Another course arrives: succulent lamb chops, served rare, with fried goat cheese in a port wine reduction. I had enough to eat about an hour ago but this is one of my favorite dishes. And it comes with a cooking lesson.
I learn that the term for removing the excess fat from the bones is called "frenching," and that the skillful way to do so is by running a very sharp knife along the bone. Lesser chefs will consume a lot of time shaving away the membrane, but the professionals know how to easily peel it away. Murphy also tells me that these chops should always be served with the bones curving upward; that presentation invites the perfectly acceptable practice of holding the "joint" in one's hands when eating the meat.
I'm happy to know the etiquette, but I'm already flirting with gluttony; at this point, I feel as if I'll shade into full-blown Henry the Eighth mode if I start eating chops with my hands. We stick with the Tuscana for this course.
I'm so thoroughly sated that I forget to ask Murphy a question I had about the fried scorpion he was telling me he ate when he was in Thailand. I've turned into an indolent interviewer at this point. Great—first, gluttony, now sloth. At this pace I'm sure to commit the five remaining deadly sins by midnight.
(Come to think of it, I suppose I can also check off "lust" from the list, what with my musings about Salma Hayek. The tally: three sins down, four to go.)
And then dessert arrives. In stages. First up, fig samosas with a fruity chutney on the side. I have just about finished my plate when the second dessert hits the table. We're treated to wontons filled with dark chocolate accompanied by a cherry compote. Chopsticks come with the dish but, at this stage of the evening, they seem like too much trouble to maneuver. I follow the chef's lead and treat the wontons as finger food. That settles it: I, Henry the Eighth, I am.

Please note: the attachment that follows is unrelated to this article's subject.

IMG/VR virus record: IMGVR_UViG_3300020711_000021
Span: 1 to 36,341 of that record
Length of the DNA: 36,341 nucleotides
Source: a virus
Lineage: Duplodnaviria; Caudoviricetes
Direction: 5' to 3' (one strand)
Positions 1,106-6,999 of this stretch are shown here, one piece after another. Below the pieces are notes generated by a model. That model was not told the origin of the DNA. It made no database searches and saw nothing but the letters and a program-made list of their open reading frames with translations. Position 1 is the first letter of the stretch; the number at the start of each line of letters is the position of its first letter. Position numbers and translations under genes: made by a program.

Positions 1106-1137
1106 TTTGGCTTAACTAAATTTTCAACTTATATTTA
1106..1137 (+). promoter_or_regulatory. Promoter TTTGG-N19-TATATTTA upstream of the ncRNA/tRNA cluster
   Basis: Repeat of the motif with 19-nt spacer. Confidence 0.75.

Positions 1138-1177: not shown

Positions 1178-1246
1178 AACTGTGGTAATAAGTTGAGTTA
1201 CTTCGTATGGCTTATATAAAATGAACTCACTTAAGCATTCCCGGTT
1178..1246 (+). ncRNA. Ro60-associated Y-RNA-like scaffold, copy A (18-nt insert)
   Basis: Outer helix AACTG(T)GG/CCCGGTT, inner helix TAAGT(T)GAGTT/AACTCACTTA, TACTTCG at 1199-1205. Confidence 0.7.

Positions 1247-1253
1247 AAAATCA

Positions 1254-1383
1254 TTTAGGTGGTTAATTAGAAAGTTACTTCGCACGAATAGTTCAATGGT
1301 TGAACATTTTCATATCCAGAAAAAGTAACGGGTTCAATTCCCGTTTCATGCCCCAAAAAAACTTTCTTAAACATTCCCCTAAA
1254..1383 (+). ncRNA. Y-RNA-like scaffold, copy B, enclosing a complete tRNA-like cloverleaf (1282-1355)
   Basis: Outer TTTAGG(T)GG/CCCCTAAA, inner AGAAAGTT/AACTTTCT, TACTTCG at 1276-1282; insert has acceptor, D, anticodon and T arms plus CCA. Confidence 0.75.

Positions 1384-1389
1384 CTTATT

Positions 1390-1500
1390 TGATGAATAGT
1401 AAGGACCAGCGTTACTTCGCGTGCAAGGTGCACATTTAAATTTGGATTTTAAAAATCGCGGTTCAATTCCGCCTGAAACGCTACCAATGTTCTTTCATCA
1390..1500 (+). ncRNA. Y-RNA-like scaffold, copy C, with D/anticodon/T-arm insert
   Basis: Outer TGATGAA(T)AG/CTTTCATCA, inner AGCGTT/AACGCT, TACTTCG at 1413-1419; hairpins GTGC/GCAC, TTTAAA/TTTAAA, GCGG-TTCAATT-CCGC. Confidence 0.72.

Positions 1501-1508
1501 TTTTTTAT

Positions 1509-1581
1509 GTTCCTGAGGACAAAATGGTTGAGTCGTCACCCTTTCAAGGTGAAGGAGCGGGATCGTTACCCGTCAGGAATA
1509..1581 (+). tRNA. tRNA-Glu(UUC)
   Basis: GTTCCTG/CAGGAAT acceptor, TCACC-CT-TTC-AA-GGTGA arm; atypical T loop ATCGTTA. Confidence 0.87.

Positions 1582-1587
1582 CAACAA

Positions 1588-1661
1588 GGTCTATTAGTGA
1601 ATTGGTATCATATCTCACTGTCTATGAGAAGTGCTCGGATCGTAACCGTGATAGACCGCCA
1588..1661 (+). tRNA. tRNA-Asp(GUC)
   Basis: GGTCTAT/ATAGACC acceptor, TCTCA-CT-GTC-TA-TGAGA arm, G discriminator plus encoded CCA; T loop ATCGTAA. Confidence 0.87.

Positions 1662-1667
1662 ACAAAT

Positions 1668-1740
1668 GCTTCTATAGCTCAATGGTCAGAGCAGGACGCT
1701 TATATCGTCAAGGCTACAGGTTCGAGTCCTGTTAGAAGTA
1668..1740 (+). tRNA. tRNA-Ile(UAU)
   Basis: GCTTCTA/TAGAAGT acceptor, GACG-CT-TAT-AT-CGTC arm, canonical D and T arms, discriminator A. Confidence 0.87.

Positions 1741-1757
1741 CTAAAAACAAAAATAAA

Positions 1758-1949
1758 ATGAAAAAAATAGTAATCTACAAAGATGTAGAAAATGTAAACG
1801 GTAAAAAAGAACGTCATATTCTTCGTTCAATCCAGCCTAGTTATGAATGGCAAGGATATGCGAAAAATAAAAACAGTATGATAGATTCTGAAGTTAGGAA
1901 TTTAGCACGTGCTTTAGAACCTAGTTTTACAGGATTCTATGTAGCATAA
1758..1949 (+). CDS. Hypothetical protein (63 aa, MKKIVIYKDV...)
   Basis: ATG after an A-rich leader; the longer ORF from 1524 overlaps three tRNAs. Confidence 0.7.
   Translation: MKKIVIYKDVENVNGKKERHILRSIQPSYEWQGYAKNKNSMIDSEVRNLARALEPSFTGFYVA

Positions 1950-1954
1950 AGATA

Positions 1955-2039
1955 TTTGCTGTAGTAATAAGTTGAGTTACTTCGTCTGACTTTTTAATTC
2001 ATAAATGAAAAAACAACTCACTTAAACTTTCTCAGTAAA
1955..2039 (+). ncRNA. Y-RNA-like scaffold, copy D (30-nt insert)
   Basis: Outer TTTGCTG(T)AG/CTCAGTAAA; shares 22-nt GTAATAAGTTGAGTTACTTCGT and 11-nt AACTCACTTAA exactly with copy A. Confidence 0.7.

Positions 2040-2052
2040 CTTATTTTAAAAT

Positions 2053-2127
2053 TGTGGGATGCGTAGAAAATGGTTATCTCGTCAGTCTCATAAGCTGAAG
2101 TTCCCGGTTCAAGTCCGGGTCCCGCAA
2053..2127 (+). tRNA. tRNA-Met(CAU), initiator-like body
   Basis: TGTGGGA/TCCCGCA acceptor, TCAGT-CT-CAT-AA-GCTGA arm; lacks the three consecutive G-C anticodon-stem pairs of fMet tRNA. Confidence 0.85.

Finally, the third plate of delights arrives from the pastry kitchen: it includes a few clusters of very fancy caramel corn, orange meringues, a chocolate-toffee construction, and another chocolate thingy that I don't catch the name of. I start to ask the pastry server to explain it to me but I've already started on the chocolate-toffee treat and my teeth are stuck together.
We've reached the end of a glorious meal. Truly, squire, I couldn't eat another wafer.
I say my thanks and my good-byes, and I wish Chef Murphy a slightly early Happy Father's Day...four times over. As I leave, I notice that Miss Hayek is not at the bar.
It's well after ten when I step out into the warm evening; the French Quarter nightlife is now in full swing. Turn left, and a two minute walk down memory lane will put me in the midst of all that revelry; turn right, and I'll be on my way home and have time to cool out and do a bit of reading before bedtime. In my youth, I would not have thought twice about the options. And tonight? One can probably guess which path I took.
For menus, hours of service, and reservations contact information, visit The Ritz-Carlton, New Orleans website.
© Marshal Zeringue